The image of the jaunty Shih Tzu sailing around the dog show ring with its impossibly long coat flowing in the breeze, those mile long eyelashes batting and that styled to death topknot bouncing is what comes to mind for many of us when we think of the Shih Tzu. A high maintenance, fussy, froo froo, fancy schmancy showdog. Nothing could be further from the truth! The Shih Tzu is an ancient dog of noble lineage with an incredibly pleasant, loving personality. Underneath all the fluff and hairspray beats a loving dog of ancient heritage and a fun family pet. The Shih Tzu is a sweet dog who wants nothing more than to love you and sit in your lap. No topknot required.
DNA analysis has determined today’s Shih Tzu breed is one of the “ancient” breeds indicating “close genetic relationship to wolves”. Ponder that a moment and then we will move on.
The Shih Tzu (which means “lion”) is said to be one of the Tibetan “holy dogs” bred by Tibetan monks. It is easy to see their resemblance to the other Tibetan breeds such as the Lhasa Apso, Tibetan Terrier, Tibetan Spaniel and of course, the Pekingese. The breeding of strong willed miniature dogs fascinated Chinese royalty for centuries. There is precious little written information available today, but there is documentation that small dogs were imported to China from Greece, Turkey and Persia and presented to the Chinese emperors to curry favor, as was the custom.
It is widely believed the Shih Tzu descended from breeding Pekingese and Lhasa Apsos to each other in the 1600s. The resulting dogs were given to the royalty of the Chinese Imperial court where they were crossed with Pugs and Pekingese to create more of the look we know today. They were favored by the Chinese and absolutely none left the country until the 1930s under penalty of death. A pair of Shih Tzu were exported to England where they quickly caught the public eye.
The Chinese Dowager Empress Cixi bred Pugs, Pekingese, and Shih Tzu in her world famous kennels. It is said that she attempted to keep the breeds separate, but the actual breeding was conducted by her kennel managers aka the palace eunuchs. They had their own agendas and crossbred the breeds to create smaller and smaller dogs with more unusual markings. She died in 1908 and her vast kennels were closed. A few dedicated individuals strove to maintain the integrity of the three breeds, but the results were limited. After the Communist revolution dogs were virtually outlawed and the breeds disappeared.
Fourteen Shih Tzu in the UK were literally all that was left of the breed in the early to mid 1900s. These scant few dogs were used to recreate the once mighty bloodlines of the Shih Tzu. A handful of other Shih Tzu were brought in and added to these pedigrees, including an “oopsie” with a Pekingese. From this tiny gene pool sprang the breed we know today. After WWII returning military personnel brought the Shih Tzu to the United States and they began to become more and more popular. They were recognized by The Kennel Club in England in 1946 and by the AKC in 1969.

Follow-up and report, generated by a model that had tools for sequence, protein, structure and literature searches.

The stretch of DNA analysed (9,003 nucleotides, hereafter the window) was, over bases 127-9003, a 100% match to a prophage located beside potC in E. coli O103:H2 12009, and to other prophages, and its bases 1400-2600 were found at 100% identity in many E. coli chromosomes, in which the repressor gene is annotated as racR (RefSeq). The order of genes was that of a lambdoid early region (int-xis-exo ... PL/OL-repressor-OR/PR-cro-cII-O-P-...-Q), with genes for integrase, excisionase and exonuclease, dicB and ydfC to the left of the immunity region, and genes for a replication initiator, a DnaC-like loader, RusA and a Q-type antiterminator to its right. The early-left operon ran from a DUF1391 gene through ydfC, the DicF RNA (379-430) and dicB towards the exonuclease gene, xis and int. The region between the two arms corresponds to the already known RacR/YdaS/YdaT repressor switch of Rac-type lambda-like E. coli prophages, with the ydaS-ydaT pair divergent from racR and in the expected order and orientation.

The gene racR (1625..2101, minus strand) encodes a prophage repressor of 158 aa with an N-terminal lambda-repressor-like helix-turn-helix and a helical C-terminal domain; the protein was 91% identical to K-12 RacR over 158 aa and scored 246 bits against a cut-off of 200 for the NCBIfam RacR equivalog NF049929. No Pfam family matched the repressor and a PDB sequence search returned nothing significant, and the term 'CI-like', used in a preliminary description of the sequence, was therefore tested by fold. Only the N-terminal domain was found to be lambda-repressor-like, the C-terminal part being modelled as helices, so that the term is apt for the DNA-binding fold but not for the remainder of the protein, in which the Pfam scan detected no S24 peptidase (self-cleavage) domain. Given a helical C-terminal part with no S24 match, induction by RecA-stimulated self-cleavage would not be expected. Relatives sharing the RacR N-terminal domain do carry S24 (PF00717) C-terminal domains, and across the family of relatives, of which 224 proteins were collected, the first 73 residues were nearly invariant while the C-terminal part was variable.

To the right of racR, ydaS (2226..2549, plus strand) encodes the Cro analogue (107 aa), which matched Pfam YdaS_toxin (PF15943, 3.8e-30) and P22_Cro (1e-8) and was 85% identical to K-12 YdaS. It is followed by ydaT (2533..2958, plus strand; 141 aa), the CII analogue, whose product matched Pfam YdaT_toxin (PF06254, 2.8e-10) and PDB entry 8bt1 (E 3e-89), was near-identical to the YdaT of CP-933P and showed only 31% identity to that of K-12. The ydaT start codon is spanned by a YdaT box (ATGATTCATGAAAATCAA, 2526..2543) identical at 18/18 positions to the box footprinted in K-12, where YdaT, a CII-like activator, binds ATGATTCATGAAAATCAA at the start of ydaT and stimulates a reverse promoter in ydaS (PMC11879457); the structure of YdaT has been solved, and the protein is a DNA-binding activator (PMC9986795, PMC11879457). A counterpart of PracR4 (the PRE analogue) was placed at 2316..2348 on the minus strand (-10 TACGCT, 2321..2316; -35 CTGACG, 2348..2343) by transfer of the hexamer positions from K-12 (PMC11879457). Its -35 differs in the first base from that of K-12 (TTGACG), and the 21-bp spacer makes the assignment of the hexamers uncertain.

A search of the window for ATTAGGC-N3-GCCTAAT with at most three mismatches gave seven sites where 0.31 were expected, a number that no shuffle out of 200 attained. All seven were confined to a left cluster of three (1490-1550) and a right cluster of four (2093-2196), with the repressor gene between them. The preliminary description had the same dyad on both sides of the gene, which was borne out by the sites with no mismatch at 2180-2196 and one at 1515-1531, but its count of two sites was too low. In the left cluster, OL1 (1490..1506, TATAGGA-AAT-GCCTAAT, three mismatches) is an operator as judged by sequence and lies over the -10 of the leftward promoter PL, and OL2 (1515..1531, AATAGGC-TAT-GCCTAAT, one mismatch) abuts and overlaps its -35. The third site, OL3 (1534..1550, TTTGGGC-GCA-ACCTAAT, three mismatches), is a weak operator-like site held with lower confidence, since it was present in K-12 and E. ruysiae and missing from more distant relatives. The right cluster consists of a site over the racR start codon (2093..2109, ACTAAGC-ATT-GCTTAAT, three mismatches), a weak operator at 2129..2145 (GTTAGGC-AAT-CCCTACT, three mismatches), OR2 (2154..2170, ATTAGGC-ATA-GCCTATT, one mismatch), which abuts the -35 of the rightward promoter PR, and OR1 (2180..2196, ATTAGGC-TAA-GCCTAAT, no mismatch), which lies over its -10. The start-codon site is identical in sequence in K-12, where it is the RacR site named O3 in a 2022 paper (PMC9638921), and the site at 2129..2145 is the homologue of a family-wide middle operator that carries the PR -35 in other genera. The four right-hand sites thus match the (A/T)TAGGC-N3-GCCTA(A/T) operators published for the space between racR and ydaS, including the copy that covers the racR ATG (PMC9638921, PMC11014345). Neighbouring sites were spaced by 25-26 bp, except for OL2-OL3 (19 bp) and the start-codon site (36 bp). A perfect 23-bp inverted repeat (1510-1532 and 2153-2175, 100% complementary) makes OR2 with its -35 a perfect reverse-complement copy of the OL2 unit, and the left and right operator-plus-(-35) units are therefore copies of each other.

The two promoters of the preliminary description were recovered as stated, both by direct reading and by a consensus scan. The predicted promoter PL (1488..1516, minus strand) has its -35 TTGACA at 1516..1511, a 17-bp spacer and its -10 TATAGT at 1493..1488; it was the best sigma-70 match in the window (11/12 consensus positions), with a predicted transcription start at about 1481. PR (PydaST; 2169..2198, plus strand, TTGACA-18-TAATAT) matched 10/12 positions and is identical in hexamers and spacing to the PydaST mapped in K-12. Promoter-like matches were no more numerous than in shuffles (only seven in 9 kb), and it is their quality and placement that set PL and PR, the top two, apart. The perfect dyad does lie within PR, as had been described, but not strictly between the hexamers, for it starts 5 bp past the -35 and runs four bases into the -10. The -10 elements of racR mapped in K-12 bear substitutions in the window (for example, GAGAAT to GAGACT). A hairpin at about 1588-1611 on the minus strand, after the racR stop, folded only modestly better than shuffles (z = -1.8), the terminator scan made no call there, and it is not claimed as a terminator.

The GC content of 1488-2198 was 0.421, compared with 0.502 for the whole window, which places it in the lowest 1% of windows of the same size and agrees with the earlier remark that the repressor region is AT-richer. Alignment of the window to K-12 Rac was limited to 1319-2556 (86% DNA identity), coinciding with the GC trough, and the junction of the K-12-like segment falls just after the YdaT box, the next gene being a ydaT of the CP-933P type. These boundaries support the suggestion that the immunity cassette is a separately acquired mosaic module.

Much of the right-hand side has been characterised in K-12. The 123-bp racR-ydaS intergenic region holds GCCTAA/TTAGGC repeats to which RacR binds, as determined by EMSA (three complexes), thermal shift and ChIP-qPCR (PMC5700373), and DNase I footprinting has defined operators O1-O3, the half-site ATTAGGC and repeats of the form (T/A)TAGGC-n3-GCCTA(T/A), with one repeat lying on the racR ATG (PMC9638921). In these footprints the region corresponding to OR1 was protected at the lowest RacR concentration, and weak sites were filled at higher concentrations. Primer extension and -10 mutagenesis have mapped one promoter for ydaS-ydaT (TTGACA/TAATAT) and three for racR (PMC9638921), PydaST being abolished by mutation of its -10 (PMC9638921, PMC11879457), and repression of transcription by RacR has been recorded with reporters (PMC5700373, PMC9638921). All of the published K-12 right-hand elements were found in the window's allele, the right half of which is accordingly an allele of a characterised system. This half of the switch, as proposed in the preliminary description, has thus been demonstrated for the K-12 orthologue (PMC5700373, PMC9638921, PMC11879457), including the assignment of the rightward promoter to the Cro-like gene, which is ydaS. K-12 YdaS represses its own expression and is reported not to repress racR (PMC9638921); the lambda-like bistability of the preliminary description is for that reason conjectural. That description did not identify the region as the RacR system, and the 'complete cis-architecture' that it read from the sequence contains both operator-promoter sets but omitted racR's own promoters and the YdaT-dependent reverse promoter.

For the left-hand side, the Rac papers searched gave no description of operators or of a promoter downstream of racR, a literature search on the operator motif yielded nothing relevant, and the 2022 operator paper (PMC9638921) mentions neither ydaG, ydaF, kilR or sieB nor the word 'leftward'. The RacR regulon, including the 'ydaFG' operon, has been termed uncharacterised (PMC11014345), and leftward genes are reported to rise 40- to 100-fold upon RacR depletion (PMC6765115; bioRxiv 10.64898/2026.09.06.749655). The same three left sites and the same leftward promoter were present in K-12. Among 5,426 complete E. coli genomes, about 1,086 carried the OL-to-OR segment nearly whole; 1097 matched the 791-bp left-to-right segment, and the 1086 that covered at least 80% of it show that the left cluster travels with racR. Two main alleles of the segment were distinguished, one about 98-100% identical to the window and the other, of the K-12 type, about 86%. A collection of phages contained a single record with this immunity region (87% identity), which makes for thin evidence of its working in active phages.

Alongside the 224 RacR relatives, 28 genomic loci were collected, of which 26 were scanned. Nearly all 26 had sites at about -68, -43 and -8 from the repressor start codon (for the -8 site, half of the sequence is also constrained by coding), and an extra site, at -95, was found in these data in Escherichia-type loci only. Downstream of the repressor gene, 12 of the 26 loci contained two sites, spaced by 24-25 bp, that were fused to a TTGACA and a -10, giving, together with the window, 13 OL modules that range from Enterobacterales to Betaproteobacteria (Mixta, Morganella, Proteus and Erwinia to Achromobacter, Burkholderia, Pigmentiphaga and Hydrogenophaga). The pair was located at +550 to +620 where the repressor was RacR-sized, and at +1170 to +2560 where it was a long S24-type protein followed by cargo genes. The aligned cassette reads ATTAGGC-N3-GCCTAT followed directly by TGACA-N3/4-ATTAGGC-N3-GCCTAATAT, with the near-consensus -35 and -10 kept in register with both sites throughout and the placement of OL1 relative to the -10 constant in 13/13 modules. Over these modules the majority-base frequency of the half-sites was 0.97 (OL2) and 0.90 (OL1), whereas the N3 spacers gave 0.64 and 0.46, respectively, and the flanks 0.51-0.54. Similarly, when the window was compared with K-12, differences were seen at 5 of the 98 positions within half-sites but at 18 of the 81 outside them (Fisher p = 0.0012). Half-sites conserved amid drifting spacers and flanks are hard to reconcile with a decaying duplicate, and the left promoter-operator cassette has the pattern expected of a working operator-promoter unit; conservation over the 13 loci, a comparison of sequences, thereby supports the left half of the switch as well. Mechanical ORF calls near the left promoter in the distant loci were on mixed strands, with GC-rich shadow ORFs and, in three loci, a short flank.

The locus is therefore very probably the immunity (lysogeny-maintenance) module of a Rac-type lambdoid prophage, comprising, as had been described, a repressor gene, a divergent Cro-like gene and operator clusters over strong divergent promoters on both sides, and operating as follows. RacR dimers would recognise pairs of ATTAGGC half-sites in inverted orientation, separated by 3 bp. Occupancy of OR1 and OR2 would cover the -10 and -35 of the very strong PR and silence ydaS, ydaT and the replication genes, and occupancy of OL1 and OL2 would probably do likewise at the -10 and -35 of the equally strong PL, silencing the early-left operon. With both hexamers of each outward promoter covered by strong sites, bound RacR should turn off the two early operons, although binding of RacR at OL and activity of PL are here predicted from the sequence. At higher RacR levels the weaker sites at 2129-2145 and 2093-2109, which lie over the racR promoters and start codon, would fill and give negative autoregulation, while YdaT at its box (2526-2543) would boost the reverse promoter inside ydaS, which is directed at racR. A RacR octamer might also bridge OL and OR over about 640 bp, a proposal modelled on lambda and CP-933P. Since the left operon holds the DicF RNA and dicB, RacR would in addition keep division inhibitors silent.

Despite their royal heritage many a Shih Tzu is plagued by having a dry or crusty nose. That is not acceptable for these sweet royal darlings!Shop for Shih Tzu Nose Butter Here
The Oxford English Dictionary, that paragon of how to say stuff right, gives us the correct pronunciation as:
The mark, the ¯, shown above the first “e” (sorry, my website is not showing it properly) is a diacritic mark which means the letter is pronounced as a long vowel, for our purposes here it is a long “E” like “see” or “bee”. This means the Shih is pronounced She. Not so hard, huh? The next syllable is tougher.
To say the dzoo just merge the d into the z of “zoo – (da-zoo).
Get ready, to say this breed’s name emphasize the SHEE and them pop on the dzoo: Sheedzoo. You did it! Ok, gotta say it, there is no “T” in Shih Tzu, though many a child (of all ages) has pronounced this name loudly as SHIT zoo. Nope, no shit, no poo in the Shih Tzu. Shih Tzu is also singular and plural. You say Shih Tzu if you are talking about one or 1001 of these little dogs.
In the Chinese pronunciation the “ds” is pronounced the same as the “ds” at the end of the word “words.” It is Chinese Mandarin, and translates directly to “lion.” That is where the term “lion dog” comes from. The moniker “chrysanthemum dog” and “sheet-sue” are common in America, but are both inaccurate American renditions of the original Chinese.
The name comes from the Chinese word for “lion dog” because this kind of dog was bred to resemble “the lion as depicted in traditional oriental art,” such as the Chinese guardian lions. (The Pekingese breed is also called “lion dog” in Chinese.) “Shih Tzu” is the Wade-Giles romanization of the Chinese characters ??, meaning lion; Wade-Giles romanization was in use when the breed was first introduced in America, but in modern times Pinyin romanization is used, rendering it sh?zi. The Mandarin Chinese pronunciation is approximately shirr-dz?. The Shih Tzu is also known as the “Xi Shi dog” because Xi Shi was regarded as one of the most beautiful women of ancient China. Shih Tzu were nicknamed the Chrysanthemum Dog in England in the 1930s. –From Wikipedia, so you know it is true…
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